Lisa Clarke on the Future of Peterborough

‘I would like us to build a more compassionate community’

Peterborough has an opportunity to better-support victims of trauma and help build resiliency by recognizing the signs early on, says Lisa Clarke.

Lisa, executive director (ED) of Kawartha Sexual Assault Centre (KSAC) in Peterborough, is hopeful trauma can be given more consideration for the role it plays in some of the current issues the city faces, including homelessness and substance use.

She sees a chance to build increased awareness and, in turn, create a better community for survivors of trauma and sexual violence.

The executive director shares with Electric City Magazine what she’d like to see for the future in Peterborough.

Electric City Magazine is engaging in conversations about the kind of city, and the kind of future, we want to build. There are many challenges facing this city right now, many ideas about directions the city could go, and many opportunities to build towards those futures.

We are speaking with local community organizers, thought-leaders, advocates, activists and citizens about their visions for the Future of Peterborough. We will be publishing these interviews over the next weeks and months.

Here’s a snapshot of our conversation with Lisa:




What is the problem or possibility in Peterborough that is most alive for you right now?

This is an opportunity to look at successes in other communities and hear innovative ideas to solve these very complicated and complex issues in our community.

As a part of (KSAC), what I am seeing in our community is an opportunity for community members to better understand the impact of trauma, especially trauma in childhood.

Understanding the health effects of trauma helps us to build empathy and connection with people whose lives we might not understand or sympathize with initially.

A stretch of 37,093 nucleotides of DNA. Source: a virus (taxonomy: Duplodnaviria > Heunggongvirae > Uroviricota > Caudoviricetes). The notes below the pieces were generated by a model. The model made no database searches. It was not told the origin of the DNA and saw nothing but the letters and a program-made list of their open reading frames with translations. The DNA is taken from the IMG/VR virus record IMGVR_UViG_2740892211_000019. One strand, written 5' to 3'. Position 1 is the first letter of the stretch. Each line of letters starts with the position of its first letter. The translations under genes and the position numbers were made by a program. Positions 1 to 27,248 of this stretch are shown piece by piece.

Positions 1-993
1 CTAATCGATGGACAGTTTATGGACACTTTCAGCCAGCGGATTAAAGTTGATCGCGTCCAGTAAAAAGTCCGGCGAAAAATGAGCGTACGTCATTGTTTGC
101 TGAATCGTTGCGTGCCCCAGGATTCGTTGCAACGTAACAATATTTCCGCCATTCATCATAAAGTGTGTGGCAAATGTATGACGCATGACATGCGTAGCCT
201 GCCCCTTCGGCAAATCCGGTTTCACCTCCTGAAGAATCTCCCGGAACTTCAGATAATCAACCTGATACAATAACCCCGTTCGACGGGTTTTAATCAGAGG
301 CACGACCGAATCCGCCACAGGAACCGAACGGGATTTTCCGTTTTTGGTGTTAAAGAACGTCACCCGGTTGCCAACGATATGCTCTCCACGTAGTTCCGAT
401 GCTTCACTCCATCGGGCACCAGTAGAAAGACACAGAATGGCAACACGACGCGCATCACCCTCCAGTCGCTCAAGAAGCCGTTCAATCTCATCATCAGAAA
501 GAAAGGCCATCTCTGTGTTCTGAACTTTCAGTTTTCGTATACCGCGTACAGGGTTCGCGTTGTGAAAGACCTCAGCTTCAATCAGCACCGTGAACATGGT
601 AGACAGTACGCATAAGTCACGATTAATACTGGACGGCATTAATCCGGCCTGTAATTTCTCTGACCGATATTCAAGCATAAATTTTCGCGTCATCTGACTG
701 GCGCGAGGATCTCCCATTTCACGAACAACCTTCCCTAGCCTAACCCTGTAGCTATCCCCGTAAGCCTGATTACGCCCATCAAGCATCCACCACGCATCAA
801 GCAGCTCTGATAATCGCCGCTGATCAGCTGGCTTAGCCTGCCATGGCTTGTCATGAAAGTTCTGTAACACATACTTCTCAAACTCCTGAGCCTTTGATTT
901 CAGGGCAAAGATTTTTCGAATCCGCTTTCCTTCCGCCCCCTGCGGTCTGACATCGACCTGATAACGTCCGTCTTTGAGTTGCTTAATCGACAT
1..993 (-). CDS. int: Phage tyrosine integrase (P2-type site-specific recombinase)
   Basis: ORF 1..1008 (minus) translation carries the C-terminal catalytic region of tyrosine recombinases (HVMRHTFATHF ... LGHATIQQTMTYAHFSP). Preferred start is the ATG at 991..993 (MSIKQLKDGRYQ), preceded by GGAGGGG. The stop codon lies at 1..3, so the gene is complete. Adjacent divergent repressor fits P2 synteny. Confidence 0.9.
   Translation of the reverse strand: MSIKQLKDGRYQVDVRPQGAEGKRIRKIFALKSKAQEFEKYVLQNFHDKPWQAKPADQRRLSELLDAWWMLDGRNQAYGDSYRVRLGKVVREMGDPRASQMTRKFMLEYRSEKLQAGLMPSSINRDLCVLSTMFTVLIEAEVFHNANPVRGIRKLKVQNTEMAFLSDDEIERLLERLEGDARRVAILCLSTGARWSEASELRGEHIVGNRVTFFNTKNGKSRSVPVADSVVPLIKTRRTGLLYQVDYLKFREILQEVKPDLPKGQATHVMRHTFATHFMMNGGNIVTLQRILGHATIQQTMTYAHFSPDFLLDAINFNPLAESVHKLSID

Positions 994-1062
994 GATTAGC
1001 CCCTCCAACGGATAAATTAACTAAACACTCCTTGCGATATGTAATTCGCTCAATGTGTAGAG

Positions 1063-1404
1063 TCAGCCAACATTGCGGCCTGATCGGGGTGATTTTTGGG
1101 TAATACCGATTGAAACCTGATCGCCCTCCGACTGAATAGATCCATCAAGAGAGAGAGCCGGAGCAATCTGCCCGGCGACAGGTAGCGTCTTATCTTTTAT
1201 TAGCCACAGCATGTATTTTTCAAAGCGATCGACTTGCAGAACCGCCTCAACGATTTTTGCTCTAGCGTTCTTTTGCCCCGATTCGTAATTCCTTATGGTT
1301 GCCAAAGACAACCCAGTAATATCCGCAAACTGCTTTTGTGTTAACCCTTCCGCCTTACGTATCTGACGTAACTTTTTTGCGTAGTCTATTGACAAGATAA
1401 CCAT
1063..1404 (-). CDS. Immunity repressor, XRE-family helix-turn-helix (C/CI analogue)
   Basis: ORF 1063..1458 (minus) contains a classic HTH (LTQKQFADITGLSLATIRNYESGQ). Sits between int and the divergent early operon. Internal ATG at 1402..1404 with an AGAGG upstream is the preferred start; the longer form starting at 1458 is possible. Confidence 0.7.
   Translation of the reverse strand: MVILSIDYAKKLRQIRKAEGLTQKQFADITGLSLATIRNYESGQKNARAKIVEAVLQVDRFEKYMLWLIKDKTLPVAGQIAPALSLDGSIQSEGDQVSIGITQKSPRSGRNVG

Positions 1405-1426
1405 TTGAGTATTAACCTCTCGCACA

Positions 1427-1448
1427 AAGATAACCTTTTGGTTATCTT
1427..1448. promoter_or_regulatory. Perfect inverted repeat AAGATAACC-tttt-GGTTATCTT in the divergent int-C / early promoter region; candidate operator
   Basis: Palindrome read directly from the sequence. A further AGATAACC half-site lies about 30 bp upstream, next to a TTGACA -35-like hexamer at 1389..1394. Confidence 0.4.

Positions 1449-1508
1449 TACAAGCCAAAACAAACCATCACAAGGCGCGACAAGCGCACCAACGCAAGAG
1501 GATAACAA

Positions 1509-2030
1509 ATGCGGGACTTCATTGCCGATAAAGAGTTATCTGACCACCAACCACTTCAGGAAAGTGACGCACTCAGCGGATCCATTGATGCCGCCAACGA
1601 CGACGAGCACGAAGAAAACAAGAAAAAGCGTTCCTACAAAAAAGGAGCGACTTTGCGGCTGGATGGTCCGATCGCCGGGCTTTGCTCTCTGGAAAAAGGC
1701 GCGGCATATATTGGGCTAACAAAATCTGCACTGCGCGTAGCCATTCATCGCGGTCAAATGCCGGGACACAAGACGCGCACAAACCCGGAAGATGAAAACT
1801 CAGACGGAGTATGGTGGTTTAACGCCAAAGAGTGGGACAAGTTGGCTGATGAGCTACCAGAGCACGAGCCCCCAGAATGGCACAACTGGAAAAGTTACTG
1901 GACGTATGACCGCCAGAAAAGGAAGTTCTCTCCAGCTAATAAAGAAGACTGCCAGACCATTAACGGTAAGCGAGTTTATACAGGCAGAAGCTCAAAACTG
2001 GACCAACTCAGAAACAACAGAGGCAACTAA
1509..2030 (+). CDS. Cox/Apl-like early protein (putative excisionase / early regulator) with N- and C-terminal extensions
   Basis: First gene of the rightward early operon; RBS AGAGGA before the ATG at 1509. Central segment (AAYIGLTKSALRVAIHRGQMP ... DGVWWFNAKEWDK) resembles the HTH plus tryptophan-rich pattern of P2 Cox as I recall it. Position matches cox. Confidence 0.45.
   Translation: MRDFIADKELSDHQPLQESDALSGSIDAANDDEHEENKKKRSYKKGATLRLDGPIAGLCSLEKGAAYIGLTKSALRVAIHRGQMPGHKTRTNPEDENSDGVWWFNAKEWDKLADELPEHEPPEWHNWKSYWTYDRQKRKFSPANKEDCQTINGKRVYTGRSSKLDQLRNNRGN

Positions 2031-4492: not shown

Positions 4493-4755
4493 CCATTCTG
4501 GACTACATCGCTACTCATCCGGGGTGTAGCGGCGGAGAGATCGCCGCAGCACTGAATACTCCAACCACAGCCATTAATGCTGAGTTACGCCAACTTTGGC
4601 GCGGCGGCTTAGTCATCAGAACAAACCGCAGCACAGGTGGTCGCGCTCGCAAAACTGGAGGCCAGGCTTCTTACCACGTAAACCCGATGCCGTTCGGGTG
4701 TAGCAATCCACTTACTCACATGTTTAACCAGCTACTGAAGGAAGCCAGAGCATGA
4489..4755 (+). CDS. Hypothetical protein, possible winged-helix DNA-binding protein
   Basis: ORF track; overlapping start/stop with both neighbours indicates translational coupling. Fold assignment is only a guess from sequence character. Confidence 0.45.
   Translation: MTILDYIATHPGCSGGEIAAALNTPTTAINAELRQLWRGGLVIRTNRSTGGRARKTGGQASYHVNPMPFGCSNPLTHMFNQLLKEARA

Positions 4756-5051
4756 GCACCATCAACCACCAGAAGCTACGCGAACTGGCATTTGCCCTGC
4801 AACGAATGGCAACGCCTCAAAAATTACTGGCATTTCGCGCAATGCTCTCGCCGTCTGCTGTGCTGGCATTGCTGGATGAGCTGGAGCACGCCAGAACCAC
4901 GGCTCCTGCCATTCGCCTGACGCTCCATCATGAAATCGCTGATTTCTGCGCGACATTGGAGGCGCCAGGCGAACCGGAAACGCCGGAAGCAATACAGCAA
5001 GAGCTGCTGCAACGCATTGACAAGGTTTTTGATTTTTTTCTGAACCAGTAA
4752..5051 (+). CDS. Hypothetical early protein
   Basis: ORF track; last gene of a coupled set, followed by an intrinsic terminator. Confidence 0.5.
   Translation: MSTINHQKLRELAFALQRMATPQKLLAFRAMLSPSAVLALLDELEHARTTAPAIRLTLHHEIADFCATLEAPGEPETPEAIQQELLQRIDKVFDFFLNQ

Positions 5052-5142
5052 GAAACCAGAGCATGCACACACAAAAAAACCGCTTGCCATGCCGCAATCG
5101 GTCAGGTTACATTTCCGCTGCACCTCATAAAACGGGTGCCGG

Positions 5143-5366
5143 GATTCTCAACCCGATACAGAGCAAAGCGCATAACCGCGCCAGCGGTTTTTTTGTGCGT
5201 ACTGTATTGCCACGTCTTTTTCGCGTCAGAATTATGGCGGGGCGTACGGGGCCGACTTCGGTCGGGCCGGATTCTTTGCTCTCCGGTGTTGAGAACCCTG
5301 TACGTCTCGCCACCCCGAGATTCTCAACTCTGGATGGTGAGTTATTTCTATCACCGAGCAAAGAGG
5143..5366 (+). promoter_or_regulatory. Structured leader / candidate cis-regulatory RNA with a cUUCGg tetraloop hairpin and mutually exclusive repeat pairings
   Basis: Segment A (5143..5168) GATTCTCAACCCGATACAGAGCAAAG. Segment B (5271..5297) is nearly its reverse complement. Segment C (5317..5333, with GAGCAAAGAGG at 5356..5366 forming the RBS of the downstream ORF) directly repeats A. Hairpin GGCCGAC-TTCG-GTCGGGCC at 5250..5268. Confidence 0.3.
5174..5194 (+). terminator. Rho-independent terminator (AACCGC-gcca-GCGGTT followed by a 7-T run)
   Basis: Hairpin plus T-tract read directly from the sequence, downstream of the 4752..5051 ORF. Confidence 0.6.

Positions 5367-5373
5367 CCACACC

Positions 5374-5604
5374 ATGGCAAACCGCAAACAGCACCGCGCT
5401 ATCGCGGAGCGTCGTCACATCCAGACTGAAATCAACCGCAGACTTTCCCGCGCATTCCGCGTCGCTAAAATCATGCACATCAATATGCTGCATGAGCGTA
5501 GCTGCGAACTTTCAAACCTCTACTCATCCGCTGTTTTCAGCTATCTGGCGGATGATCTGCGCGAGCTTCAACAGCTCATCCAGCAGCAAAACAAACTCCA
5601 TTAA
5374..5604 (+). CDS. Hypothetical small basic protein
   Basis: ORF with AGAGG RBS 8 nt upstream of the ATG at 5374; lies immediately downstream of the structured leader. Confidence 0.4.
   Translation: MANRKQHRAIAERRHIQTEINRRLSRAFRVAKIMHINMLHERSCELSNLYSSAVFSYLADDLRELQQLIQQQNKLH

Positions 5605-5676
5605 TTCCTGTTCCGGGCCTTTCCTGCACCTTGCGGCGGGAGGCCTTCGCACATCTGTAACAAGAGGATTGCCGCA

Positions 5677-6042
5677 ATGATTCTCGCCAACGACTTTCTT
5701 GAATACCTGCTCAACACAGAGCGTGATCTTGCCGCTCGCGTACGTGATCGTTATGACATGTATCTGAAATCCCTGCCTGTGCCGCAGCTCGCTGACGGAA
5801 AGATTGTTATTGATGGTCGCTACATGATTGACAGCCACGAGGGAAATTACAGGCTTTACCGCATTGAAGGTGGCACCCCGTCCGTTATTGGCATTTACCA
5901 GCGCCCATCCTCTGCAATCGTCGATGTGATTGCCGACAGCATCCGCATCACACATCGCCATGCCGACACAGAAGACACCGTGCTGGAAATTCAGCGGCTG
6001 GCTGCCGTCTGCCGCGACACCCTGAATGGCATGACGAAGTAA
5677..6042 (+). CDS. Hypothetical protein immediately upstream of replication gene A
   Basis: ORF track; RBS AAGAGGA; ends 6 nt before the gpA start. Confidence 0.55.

Through the current landscape of our community, including our conversations around homelessness, substance use and violence, we have this opportunity to look at all of those issues through the lenses of colonization and trauma and different systems of harm.


What commitment do you hold that makes this important to you?

For myself, I would like us to build a more compassionate community so that we can truly address these issues and not raise another generation of people who have been impacted by interpersonal violence and systemic violence.

Our centre works towards educating and addressing those issues with our clients and with the community.


What do you think needs to happen or what would you like to see next?

An offering at the Kawartha Sexual Assault Centre.

This centre is very committed to partnerships and collaboration.

Not one person or organization can do this immense work on their own and together we are strongest.

This is an opportunity to look at successes in other communities and hear innovative ideas to solve these very complicated and complex issues in our community.

I love our community and believe that together we can have the compassion and have the skills to address these issues together.


What steps are you able to take in that direction?

Our centre is working to build understanding with professionals in our community, front-line services and with schools to better-understand the effects of adverse childhood experiences, trauma and violence-informed care, and building resilience.


If there was anything you would like, want, or need from the community what would it be?

It’s important for the community to understand that issues like homelessness and increased community violence directly are associated with gender-based violence and an increase in sexual violence and intimate partner violence. If we continue to disenfranchise people or don’t address these issues at their root causes, we are complicit in increasing gender-based violence in this community.

To learn more and connect with the Kawartha Sexual Assault Centre, click here.

Photos by Yvonne Hollandy.


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